1. 5 Common Sources of Poor Indoor Air Quality
  • 5 Common Sources of Poor Indoor Air Quality

    September 01, 2018

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    It’s time to kick the living styles and daily habits that could be putting a dent in your home’s indoor air quality.

    • Take a look at this list compiled with help from the American Lung Association that outlines some of the more common sources of indoor air pollution problems*. If anything on this list looks familiar, take steps soon to fix the problem—or at least nix the habit going forward.

      Indoor Pollution Problem 1: Not running bathroom exhaust fans

      Make sure everyone in your family keeps bathroom exhaust fans running during baths and showers, and for at least 15 minutes afterward to reduce musty odors and mold growth.

      Indoor Pollution Problem 2: Smoking indoors

      Sure, this one seems obvious, but secondhand smoke is still causing more than 41,000 deaths every year*. Don’t allow anyone to smoke inside your home. Ever.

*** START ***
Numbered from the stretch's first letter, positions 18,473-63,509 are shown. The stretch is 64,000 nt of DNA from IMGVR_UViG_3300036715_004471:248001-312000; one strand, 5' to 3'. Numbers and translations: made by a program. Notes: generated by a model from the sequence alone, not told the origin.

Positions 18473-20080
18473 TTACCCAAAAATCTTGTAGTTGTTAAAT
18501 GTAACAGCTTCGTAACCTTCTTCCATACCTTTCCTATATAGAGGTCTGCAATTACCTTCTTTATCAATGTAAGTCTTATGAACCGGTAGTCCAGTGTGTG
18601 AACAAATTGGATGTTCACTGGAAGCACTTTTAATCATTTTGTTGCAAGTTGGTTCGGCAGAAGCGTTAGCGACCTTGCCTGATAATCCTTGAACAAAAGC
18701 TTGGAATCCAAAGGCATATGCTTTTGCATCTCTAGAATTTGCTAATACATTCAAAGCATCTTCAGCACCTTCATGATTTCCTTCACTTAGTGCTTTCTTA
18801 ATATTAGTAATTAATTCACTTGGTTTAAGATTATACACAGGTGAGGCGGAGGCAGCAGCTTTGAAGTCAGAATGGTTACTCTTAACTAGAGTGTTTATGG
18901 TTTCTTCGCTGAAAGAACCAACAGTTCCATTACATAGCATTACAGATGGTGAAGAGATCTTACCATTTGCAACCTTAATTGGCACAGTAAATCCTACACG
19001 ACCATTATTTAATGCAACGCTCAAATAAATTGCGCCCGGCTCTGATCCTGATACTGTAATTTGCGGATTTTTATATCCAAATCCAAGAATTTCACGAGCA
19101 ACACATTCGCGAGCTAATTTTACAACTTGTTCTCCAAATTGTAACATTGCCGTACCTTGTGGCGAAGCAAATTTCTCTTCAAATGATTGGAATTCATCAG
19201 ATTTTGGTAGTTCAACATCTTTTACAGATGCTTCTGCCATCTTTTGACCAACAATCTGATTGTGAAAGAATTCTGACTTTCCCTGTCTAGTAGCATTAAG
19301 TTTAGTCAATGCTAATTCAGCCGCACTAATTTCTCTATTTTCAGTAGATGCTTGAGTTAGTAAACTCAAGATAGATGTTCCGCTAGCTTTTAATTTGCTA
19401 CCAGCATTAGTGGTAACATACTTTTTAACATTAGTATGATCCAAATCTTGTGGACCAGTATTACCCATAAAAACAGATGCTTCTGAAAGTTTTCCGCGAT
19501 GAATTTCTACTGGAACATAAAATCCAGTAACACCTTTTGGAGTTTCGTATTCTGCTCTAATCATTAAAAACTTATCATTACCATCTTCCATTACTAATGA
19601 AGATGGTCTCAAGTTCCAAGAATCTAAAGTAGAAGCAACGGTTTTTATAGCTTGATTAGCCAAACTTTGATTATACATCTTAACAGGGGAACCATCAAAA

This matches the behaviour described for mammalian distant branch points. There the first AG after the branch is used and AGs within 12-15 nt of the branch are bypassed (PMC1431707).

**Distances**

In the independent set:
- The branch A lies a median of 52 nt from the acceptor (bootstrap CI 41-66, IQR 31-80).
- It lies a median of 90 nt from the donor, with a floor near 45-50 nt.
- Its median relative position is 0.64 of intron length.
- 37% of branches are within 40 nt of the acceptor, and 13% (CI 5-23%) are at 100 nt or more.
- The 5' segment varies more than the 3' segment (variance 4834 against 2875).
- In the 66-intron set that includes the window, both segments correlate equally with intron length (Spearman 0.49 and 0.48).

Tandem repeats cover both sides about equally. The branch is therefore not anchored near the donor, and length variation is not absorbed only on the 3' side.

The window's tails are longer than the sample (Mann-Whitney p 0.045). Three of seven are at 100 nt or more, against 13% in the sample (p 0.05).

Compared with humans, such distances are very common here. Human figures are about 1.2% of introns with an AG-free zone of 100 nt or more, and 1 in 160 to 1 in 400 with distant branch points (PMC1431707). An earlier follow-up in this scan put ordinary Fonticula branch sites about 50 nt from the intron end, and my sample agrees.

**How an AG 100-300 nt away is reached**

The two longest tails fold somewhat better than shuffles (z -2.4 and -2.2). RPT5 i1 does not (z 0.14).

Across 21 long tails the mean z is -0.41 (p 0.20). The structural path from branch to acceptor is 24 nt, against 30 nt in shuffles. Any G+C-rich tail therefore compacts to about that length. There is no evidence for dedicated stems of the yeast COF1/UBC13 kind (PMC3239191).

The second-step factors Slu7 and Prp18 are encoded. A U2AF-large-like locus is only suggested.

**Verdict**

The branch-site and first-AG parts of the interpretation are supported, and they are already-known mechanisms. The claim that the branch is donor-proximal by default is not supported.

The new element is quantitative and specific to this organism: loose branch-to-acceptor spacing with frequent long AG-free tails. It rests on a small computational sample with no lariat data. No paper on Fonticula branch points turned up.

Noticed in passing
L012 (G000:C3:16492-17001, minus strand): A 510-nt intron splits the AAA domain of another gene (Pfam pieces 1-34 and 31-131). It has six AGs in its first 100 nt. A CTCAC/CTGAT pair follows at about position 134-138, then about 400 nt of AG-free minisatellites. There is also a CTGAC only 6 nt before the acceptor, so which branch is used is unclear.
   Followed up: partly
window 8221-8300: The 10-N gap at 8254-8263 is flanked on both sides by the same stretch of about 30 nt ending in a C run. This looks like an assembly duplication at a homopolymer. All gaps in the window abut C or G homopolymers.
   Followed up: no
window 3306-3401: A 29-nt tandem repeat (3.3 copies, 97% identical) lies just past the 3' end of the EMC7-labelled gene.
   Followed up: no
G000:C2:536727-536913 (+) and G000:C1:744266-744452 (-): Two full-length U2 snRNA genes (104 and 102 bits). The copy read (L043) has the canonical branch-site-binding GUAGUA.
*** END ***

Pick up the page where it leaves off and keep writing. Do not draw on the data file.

Indoor Pollution Problem 3: Too much humidity in your house

      Indoor humidity in your house can lead to mold, as well as promote the growth of dust mites, cockroaches, bacteria and viruses—all of which can negatively impact your house. Sneezing, congestion and worsening asthma are just a few of the symptoms caused by dampness and mold.

      Indoor Pollution Problem 4: Dangerous DIY projects

      New building materials such as plywood, freshly installed carpeting and laminate flooring can emit harmful chemical fumes. Always look for building materials with low or no emissions, and air out building materials before doing any DIY projects in your home. It’s also a smart idea to keep rooms well ventilated as you’re working.

      Indoor Pollution Problem 5: Carelessness about cleaning products

      Don’t be fooled by fresh-smelling detergents and cleaning sprays. Your household cleaning products may have irritants that can cause headaches and more serious health issues.

      Read all labels on household cleaning products before you buy them—it’s best to purchase products that have reduced amounts of volatile organic compounds (VOCs) or, better yet, don’t contain any VOCs at all.

      Sources:

      * American Lung Association